Cafes, students and mosques. One might think this was a Middle Eastern version of 1968 Paris by reading this.

In this passage we are led to believe that this movement is a peaceful one and has not been linked to anything nasty since 1954.

“The brotherhood was also implicated in an attempt to assassinate President Gamal Nasser in 1954, but it has long since renounced violence as a political means in Egypt. By the 1980s it was making determined efforts to join the political mainstream, making a series of alliances with the Wafd, the Labour and Liberal parties. In the 2000 election it won 17 parliamentary seats. Five years later, with candidates standing as independents for legal reasons, it won 88 seats – 20% of the total and its best electoral result to date.

Well they were also implicated in the assassination of Anwar Saddat but I guess that fact may not jive well with the phrase “long since renounced violence”

No mention of Quttb’s association with – and ideological affinity for – Adolf Hitler, nor any mention of the central role played by the infamous Mufti of Jerusalem in establishing this movement.

Should we even mention the plan to take over and destroy the West from within?

Probably not, as that would disturb the romanticization of such extremists that the Guardian often succumbs to.

No mention that Al Queda’s number 2, Ayman Al Zawahiri was originally a Muslim Brotherhood activist. (He was supposedly more of the mosque type than the café type.)

It seems that the Guardian must lack access to Google, as even a cursory search would provide a clear outline of the fascist links and roots of the movement – how it was inspired by the emerging Nazi party in Germany (how anti-colonial is that) and influenced by its ideals, and how the brotherhood was the leading purveyor of anti-Semitic propaganda in the Middle East.

The Brotherhood is exactly the opposite of what Whitaker and Shenker would want us believe. They are the ultimate colonizers. They lack the means at present but their plans and ambitions are anti-colonialist only to the extent that they oppose the colonialism of others. They want a Caliphate ruled by Sharia where non-Muslims pay Jiyzia to the Ummah for protection.

From Mein Kampf to the Protocols, the Brotherhood has been influenced by the vilest hate literature – an enmity responsible, in large measure, for the current state of affairs in Muslim-Jewish relations.

The Guardian omits the links to Hamas and other nasty outfits, omits that the Brotherhood is at the root of modern Arab-Muslim anti-Semitism and whitewashes once again a nasty hate based movement as some progressive assembly of well-meaning pious men whose only imperfection is that they do not get on board with rights of sexual minorities.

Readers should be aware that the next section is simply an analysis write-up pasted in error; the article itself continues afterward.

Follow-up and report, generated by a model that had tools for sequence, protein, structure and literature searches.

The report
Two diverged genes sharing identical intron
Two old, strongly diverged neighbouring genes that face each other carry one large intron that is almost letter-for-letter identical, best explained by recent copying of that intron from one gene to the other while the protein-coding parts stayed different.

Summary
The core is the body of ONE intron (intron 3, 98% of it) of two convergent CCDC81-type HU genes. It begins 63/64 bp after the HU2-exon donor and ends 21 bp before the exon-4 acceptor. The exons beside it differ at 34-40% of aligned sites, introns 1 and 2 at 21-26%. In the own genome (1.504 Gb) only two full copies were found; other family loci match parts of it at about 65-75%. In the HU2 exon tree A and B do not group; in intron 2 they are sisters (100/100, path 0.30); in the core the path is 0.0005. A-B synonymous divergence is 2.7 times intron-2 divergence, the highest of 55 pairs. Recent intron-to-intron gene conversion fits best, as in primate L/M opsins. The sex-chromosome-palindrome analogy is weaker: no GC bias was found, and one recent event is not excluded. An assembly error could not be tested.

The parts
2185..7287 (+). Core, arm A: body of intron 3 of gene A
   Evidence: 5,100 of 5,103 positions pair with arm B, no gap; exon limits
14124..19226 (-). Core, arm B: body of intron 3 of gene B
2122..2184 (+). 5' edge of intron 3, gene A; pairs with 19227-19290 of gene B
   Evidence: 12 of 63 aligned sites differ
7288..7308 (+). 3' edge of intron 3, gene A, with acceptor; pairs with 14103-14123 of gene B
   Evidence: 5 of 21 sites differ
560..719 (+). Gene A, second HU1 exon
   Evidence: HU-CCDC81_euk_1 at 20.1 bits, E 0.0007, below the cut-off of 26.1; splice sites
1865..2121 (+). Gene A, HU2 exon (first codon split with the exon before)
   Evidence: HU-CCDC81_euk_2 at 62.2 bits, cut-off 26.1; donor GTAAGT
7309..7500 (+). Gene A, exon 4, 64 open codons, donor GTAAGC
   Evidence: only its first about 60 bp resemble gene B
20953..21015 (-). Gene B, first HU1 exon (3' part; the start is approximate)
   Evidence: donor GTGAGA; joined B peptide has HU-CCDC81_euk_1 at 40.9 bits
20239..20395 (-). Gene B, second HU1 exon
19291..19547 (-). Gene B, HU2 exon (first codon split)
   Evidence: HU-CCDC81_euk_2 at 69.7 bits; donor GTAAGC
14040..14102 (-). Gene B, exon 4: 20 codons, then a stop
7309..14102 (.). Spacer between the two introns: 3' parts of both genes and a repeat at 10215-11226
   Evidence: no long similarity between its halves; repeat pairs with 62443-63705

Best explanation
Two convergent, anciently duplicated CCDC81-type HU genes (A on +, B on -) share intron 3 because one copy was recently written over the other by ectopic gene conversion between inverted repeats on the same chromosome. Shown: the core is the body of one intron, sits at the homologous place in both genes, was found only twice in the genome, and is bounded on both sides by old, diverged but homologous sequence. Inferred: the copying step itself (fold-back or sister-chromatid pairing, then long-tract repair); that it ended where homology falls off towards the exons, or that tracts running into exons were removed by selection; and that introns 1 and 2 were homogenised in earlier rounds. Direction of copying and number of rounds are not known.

On “martyrs” and enablers

As a follow-up on our earlier post regarding the recent “martyrdom”(via a NATO airstrike in Afghanistan) of British al Qaeda leader Mahmoud Abu Rideh, note the astonishingly sympathetic piece the Guardian did on him in June 2009 entitled “A Day in the life of a terror suspect.”

Here’s some background:

  • Abu Rideh had been detained by the British government in December 2001 for having links to al Qaeda.  In 2005, after a British high court ruling, Rideh was released from prison but was subject to a “control order” – a house arrest which restricted his movements.
  • Rideh was said to have had close ties to the senior leadership of al Qaeda, including its deputy, Ayman al-Zawahiri, and former leader in Iraq, Abu Musab al-Zarqawi, along with Abu Hamza, the radical preacher.

The portrayal of Rideh (who was then under house arrest) as a victim of government oppression by the Guardian – and NGOs like Amnesty and Human Rights watch – once again demonstrates that much of the British intelligentsia possess a seemingly unlimited capacity to cast reactionary jihadists as victims, as well as what can only be described as a willful blindness to the threat posed to Western society by radical Islam.

We may never know how many Americans and Brits lost their lives as a result of Mahmoud Abu Rideh’s involvement with al Qaeda, and his wish to become a “martyr.”  But, what we certainly do know is that those who continue to make excuses and even advocate for such jihadists are not innocent in the crimes committed by those whose freedom they assisted in securing.

Amnesty International “Action File” Dies “a Martyr” in Afghanistan

This is cross posted from the blog, Sad Red Earth, by our friend A. Jay Adler.

Back in May I wrote about Gita Saghal and her eventual resignation from Amnesty International because of its unseemly association with Moazzam Begg and his Cage Prisoners organization. You can catch up on that story here, too. Now, Harry’s Place reports on one of the AI and Cage Prisoners poster boys, Abu Rideh, a UK resident who was under a restrictive “control order” from 2005-09, until AI’s “action file” campaign was successful in winning Rideh’s release.

Mahmoud Abu Rideh

According to HP:

CagePrisoners, whose Director Moazzam Begg believes that “securing the release of Muslim prisoners” captured during jihad is “obligatory” on all Muslims, devoted significant campaigning resources towards this case.

A few days ago, The Daily Telegraph reported:

Mahmoud Abu Rideh, 39, was said to have been closely associated with the senior leadership of al-Qaeda, including its deputy, Ayman al-Zawahiri, and former leader in Iraq, Abu Musab al-Zarqawi, along with Abu Hamza, the radical preacher.

He was allowed to travel to Syria in September last year after promising that he would not return to Britain.

But an Arabic jihadi web forum associated with al-Qaeda reports that he has become a “martyr in Afghanistan” and was with a group of fighters when he died, the Daily Telegraph has learned.

HP gives a full account of what AI had every reason to know about who Rideh was. My May post was entitled “The Future of the Human Rights Movement.”  For a movement as resistant to self-examination and altered behavior as any nation its organizations report on, that future continues to look a sorry one.